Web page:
China / Government

China adopts mental health law, protecting rights

(Xinhua) Updated: 2012-10-26 13:46

BEIJING - China's new mental health law, adopted on Friday, is expected to protect the rights of mentally ill people, reduce abuse and raise public awareness of mental disorders.

The Standing Committee of the 11th National People's Congress approved the bill at its bi-monthly session, which ran from Tuesday to Friday, after three readings.

Under the new law, there should be no infringements upon the dignity, personal safety or the property of mentally ill people.

The law also stipulates that institutions and individuals should protect the privacy of mentally ill people by preventing leaks of private information, such as their names, addresses and employment status, unless the sharing of such data is necessary for institutions and individuals while exercising their lawful duties.

China currently has about 16 million people suffering from severe mental disorders, according to the Ministry of Health.

Wang Shaoli, deputy head of the Beijing Huilongguan Hospital, a leading psychiatric hospital, told Xinhua that mental health is not only a medical problem but also a social problem that requires joint efforts from different sectors, not only hospitals.

"Under the new law, all sections of the society, including the government, non-governmental organizations and families, bear responsibilities in prevention and treatment of mental disorders," Wang said. "It will help promote the cause."

Wrongly institutionalized

The law has attracted great public attention since the draft was first submitted for discussion last October, largely due to increasing reports of incidents in which people were wrongly institutionalized.

On October 10, or World Mental Health Day, four people who claim to have been wrongly institutionalized sent written pleas to hospitals and courts across China, demanding fairer diagnoses of mental diseases and greater scrutiny of patients' custodians.

Among them was Chen Guoming, a former gold store owner, who was forced into an asylum in February 2011 by his wife and locked up for 56 days after refusing to lend money to his wife's family at their request.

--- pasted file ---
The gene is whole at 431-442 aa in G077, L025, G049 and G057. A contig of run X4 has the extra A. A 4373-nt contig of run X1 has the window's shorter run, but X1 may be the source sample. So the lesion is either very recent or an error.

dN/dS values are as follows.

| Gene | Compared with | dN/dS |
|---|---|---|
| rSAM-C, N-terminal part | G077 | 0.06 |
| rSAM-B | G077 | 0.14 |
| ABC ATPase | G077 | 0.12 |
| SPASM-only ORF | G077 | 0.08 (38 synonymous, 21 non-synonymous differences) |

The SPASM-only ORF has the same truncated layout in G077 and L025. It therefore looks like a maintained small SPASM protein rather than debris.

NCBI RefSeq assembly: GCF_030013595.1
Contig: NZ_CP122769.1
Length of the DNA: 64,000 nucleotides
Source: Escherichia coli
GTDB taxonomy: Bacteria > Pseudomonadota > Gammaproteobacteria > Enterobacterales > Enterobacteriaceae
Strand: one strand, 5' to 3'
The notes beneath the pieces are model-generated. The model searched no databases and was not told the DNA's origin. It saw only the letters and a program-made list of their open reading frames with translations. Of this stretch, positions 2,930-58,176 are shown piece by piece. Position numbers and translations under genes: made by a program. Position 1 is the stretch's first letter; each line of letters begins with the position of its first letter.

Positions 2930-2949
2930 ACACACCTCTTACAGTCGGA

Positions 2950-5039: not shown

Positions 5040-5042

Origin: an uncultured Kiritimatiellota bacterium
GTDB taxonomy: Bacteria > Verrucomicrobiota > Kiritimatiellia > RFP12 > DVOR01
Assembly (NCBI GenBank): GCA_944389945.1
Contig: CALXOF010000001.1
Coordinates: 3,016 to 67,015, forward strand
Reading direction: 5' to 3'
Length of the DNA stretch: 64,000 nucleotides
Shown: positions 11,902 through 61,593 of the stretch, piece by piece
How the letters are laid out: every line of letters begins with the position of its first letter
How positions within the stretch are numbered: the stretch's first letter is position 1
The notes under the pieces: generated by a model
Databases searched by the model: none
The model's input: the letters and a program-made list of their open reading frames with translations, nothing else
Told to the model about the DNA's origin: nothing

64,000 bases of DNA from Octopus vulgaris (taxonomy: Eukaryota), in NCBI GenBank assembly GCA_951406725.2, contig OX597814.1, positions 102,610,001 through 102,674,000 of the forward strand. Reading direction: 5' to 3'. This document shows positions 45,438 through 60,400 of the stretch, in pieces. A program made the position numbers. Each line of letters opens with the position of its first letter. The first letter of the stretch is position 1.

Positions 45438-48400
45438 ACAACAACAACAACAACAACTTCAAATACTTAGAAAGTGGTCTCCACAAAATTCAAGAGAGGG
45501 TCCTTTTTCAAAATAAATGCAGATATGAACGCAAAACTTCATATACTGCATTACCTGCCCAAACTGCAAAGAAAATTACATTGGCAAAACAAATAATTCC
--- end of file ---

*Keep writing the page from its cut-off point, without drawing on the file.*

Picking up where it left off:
When he was released, he found his wife had transferred nearly 800,000 yuan ($126,182) from his account and taken all of the jewelry in his store. His losses totaled 6 million yuan.

The law is expected to curb abuses regarding compulsory mental health treatment and protect citizens from undergoing unnecessary treatment or illegal hospitalization.

The law bans mental health examinations on a citizen against his or her own will. However, if a person suffering suspected mental illness poses a danger to himself or herself, or to others, close relatives, an employer or local police authorities may send him or her to a hospital at once for a diagnosis, it says.

Under the law, every mental illness diagnosis should be made by a qualified psychiatrist.

Mentally ill people shall receive inpatient treatment on a voluntary basis, except those who are diagnosed with a severe mental illness and have the potential to harm themselves or others.

Patients and their relatives can request a second diagnosis on their condition and, if they still disagree with the diagnosis, they can turn to any qualified medical institution for verification, according to the law.

The law clarifies several rules regarding who is able to send potentially mentally ill people for diagnosis and how to settle a dispute over their condition. As such, it will no doubt help prevent abuse, Wang Shaoli said.

"However, it is impossible for the law alone to eliminate malpractice regarding hospitalization," he said. "Besides the law, we need well-designed medical protocols and strict implementation of laws and protocols."

Improving medical treatment

China only has about 20,000 registered psychiatrists, or 15 psychiatrists for every one million sufferers. The number of mental health institutions and doctors lags far behind need.

Also, most general hospitals do not have clinics specializing in mental illnesses and many medical workers, other than psychiatrists and psychologists, lack awareness and fail to effectively identify symptoms of mental disorders.

To cope with such a situation, the new law requires general hospitals to set up mental illness clinics under the guidance of government health departments and medical workers to be trained.

"Patients who go to general hospitals may have both physical and mental illness. If hospitals provide a better psychiatric service, they will be treated properly and promptly and valuable medical resources will not be wasted with inaccurate therapies," Wang said.

The law includes a provision asking the government to provide a special allowance for medical workers at mental health institutions, as their work is of high risk and their income is relatively low. This has been widely welcomed by psychiatrists. They have also called for more investment in education.


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